The thrill of sitting on the glass at an NHL game is beyond description. The faceoffs are mere feet away, and the jarring checks into the plexiglass boom and shake the baricade, making you trust that it will stay in place. My two favorite things to pay attention to from this viewpoint are the skating and the player’s faces. The players’ eyes reflect an intense focus that is required to play this game and the instincts that tell the players where to go and what to do in a nano-second. When this game is described as the fastest game on earth it is no exaggeration.
And the skating…don’t even get me started. I am taking adult beginner ice skating lessons so I feel like I understand how incredibly difficult it is. Yet these guys fly around effortlessly as if they are more comfortable on ice than on solid ground. (I once had a junior hockey player tell me that is certainly the case for him.)
The turns, crossovers, one-foot glides, and backwards skating at top speeds without even looking behind amaze me. I remember that when I took ice skating lessons more than 10 years ago, it took me months to do one back crossover, and I remained somewhat terrified of falling every time I attempted one after that. Now, I wouldn’t even know how to start, which is why I have started over and recently began taking skating lessons again.
I am improving but still struggle sometimes just getting around the rink. I realize that skating in your 40s is definitely more challenging than skating in your 30s. My balance is worse, my legs are not as strong, and the falls are harder (as is the getting back up part). As a result, several months ago during my first trip back to the rink in over 10 years, I wondered if I was crazy trying this sport again. It can be dangerous as falling is an almost certainty. And, I am living with kidney disease resulting from a rare auto-immune disease that I battled last year. But, exercise is a good thing and I love the feel of gliding over the ice, so I am keeping up my courage and continuing with the lessons.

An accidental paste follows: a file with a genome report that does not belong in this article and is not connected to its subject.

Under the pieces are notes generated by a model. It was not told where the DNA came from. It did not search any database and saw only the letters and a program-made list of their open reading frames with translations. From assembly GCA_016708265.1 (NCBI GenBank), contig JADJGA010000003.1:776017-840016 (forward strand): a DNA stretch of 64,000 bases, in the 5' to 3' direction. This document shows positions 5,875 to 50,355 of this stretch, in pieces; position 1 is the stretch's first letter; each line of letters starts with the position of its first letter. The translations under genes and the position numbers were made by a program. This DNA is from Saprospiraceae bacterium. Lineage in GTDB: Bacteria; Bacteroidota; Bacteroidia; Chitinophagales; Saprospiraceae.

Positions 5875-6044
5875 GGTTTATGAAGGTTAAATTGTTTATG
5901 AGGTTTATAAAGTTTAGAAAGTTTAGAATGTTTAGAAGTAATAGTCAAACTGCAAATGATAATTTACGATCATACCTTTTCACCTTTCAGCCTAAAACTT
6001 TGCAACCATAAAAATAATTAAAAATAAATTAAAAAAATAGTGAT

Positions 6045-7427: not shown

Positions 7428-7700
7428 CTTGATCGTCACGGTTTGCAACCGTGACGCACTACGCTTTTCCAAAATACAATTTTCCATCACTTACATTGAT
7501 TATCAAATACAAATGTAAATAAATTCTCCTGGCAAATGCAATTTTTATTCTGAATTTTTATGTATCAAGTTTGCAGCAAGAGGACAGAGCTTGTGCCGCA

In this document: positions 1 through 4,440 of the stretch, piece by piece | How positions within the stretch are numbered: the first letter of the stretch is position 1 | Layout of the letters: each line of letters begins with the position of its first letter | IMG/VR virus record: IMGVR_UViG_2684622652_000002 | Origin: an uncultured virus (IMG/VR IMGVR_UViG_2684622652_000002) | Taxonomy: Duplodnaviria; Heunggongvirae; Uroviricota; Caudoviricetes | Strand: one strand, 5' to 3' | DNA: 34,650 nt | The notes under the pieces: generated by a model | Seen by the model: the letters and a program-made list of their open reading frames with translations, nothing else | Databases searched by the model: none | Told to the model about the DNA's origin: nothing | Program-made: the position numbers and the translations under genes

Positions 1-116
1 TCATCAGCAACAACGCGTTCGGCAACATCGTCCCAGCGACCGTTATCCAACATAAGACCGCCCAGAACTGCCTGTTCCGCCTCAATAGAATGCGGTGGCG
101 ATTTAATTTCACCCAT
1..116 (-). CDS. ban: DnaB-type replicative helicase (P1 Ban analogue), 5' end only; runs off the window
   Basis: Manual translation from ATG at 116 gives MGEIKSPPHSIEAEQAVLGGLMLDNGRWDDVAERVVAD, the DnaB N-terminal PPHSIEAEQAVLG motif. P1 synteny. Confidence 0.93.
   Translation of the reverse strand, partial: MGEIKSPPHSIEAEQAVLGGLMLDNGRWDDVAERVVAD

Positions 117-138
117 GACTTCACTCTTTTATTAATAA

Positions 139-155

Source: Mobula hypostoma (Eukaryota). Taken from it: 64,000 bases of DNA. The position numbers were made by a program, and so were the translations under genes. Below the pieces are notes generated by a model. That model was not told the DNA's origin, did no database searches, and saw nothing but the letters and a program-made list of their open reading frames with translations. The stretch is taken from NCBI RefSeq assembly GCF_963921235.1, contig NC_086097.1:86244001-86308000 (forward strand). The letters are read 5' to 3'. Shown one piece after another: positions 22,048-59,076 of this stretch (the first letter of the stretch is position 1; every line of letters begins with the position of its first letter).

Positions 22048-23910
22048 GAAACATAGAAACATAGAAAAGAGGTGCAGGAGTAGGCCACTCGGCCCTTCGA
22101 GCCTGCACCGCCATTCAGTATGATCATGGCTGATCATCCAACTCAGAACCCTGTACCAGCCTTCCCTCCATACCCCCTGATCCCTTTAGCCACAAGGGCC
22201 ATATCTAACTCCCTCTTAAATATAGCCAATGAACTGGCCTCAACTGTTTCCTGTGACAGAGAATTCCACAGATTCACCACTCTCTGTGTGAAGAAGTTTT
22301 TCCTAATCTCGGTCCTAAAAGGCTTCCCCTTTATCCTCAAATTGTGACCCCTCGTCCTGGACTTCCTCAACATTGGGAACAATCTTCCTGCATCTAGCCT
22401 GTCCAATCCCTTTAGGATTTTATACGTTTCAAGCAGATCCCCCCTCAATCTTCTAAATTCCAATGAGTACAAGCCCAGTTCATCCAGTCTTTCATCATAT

The hockey game progressed nicely and the Flyers looked so much better than they did earlier in the season. They were skating hard, forechecking, getting good shots on goal and suddenly they had a 3-0 lead.
But, near the end of the second period, the “old” Flyers returned. They were sitting back on their heels, watching the NY Islanders skate around the Flyers zone, taking shots at their stellar goaltender Steve Mason. (Easily the MVP of the season so far, I wonder if the Flyers would have had a victory in their first 20 game without Mase in net.)
However, unlike games of old, the Flyers didn’t cave as the Islanders got within one goal. Instead, they picked up the pace and turned on the heat. Near the middle of the third period, Jake Voracek, a favorite of mine who was possibly benched in the previous game for not performing well, dug the puck out of the corner right in front of me and fed it to Brayden Schenn in front of the net for a goal that gave the Flyers some breathing room with a 4-2 lead.
The Flyers hugged and celebrated the goal in front of me as I clapped and cheered as loudly as I could. A perfect finish to a perfect evening. Icing on the cake to another fun day centered around Flyers hockey. I felt blessed as my husband and I rushed out of the arena into the bitter cold for our drive back to Virginia. I bid the Wells Fargo Center goodbye – in appreciation for another great hockey game and with a bit of sadness knowing that I would have to wait over a month for another night of Flyers hockey.